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    From the Desk of

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    Here you will find all the latest things that are laid upon my heart to share with you. I hope you will see my heart when you read my writings. Read more...
     
By Matt Fritz,  Staff writer

Published: Monday, November 5, 2012 12:57 PM 

La PORTE — On the morning of March 30, 2002, Mann Spittler III came home after a jog to find a note from his daughter asking him to trust her.  Fifteen hours later he found her dead, drowned in the bathtub after an overdose of heroin. This was only four days after she went in for her first treatment session and only 20 days after admitting her heroin addiction to her family.

"The doors fly open, the gates give way, in barges the beast, he comes to play," she said in a poem written years before her death, a poem portraying her addiction as a hungry beast, a beast that still haunts her father today.  "One person uses, everyone suffers," Spittler said. "Addiction is a family condition."  

He spoke during the 4th Annual Dinner of the Worthy Women Recovery Home, an event to raise money for the home and to draw attention to its purpose: To give recently incarcerated women in La Porte a chance to recover from their addictions and re-enter society as productive members.  Spittler's presentation was designed to warn people about the dangers of addiction in their family, and to give them tools to prevent it before it arises.

"The beast has been prowling the earth for thousands of years and will be prowling it a thousand more," Spittler said. "It presents itself as something angelic, ready to heal any emotional wound there is."

Like many addicts, he said his daughter actually had a happy life growing up. She loved animals and stopped him from trapping and killing chipmunks in their yard, was a Girl Scout and wrote poetry in school.  But when she turned 13 she reached a turning point in her life and started smoking. She drew and wrote increasingly negative subjects and became distant.  She graduated high school in 1999 and went to college.
But Spittler said she also got a boyfriend who introduced her to heroin and started injecting her with the drug. Her boyfriend convinced her to drop out of college and give him money to buy more opiates.  When she finally confessed her addiction and returned to her parents, Spittler was glad, but he had no idea she would soon be gone.  "I had no idea how much danger she was in," he said. "While I thought I was protecting her, that was all an illusion."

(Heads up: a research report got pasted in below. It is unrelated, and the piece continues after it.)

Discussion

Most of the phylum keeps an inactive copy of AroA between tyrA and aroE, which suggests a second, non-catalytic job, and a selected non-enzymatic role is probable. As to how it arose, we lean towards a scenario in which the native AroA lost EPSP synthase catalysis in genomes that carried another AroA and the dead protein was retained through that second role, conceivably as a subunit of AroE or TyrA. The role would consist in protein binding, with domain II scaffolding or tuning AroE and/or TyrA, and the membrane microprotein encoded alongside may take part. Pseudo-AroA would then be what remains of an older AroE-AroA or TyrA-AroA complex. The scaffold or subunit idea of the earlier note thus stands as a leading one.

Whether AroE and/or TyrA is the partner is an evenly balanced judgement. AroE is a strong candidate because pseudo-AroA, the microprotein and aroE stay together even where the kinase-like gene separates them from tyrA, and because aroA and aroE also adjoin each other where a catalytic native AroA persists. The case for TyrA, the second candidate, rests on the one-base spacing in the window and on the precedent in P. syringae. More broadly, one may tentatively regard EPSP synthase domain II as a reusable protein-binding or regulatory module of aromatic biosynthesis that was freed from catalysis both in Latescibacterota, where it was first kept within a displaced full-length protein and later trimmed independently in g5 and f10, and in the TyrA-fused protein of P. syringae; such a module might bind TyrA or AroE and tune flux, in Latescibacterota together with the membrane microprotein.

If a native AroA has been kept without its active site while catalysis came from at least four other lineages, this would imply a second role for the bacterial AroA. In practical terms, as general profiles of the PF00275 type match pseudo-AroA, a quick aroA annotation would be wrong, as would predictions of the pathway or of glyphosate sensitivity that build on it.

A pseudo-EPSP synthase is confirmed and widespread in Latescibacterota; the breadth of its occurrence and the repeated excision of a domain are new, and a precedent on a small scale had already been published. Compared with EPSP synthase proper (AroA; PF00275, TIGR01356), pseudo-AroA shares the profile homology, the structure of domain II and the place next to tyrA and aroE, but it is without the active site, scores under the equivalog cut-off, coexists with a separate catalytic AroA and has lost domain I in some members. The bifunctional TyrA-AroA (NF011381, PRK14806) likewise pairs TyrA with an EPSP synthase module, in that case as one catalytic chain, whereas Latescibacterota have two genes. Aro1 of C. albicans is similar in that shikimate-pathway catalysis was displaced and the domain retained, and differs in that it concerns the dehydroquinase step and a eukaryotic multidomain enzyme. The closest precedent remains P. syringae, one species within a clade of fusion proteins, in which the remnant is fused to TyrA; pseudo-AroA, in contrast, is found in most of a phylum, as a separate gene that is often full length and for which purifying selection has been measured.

He warned parents to watch out for their kids and not worry about invading their personal space. He said his daughter would lie right to his face and cover up her addiction. But all he needed to do was open her sketch book to see the increasingly disturbing drawings she made to know she was in trouble. He never did until she died.
He also told them to make clear rules and enforce them with appropriate consequences to avoid these issues altogether. Be a positive role model, which means avoid getting buzzed or high yourself. Teach your children to choose their friends wisely, and remove any friends who are negative influences. And he also recommended drug testing your children at age 10.  "That's the world we live in," he said.  But he also said parents needed to have quality time with their children every day, time when their children can tell them about their problems. And they needed to keep the lines of communication open. And they needed to become involved in their children's lives and their interests.
"If they love ballet or theater," he said, "then you need to become the biggest fan of that in the world."  He also told them to visit their friends house and meet their friends and the families of their friends and see what kind of environment they live in. If a mother greets you at the door with a joint in one hand and a martini in the other, he said that is a bad sign.
But the dinner was also dedicated to the new Worthy Women Recovery Home, which is projected to open next year.  Sonshine Troche, the board of directors president for the home, said she is a recovered addict herself, having suffered her first overdose at age 13.
She said the purpose of the home is to help women coming out of jail recover from their addictions and become better parents and community members.  
Women who live at the home will be required to work, get their GED, go to college, take care of the home, take classes on job skills and parenting, and undergo regular drug testing.  And with 14 women at the home, paying only about $6,000 each a year, they will save the county about $300,000. This is the cost of incarcerating them for a year. The women will all be non-violent offenders.
In an update given on the home, it was revealed that demolition work was nearly complete and all five layers of the roof removed. A working bathroom and electricity have also been installed.  But there was framing, roofing, electricity, plumbing, and heating and air conditioning work that needed to be completed before opening day.  Right now the organization is trying to raise $260,000 in donations, materials and volunteer help. It is looking general contractors for carpentry, framing, electricity, plumbing, heating and air conditioning, security and other home-related trades.
For more information about the Worthy Women Recovery Home, or to help out, call Troche at (219) 405-7006, or visit the home online at www.worthyrecovery.org  or  Donations can also be sent to WWRH P.O. Box 116, La Porte.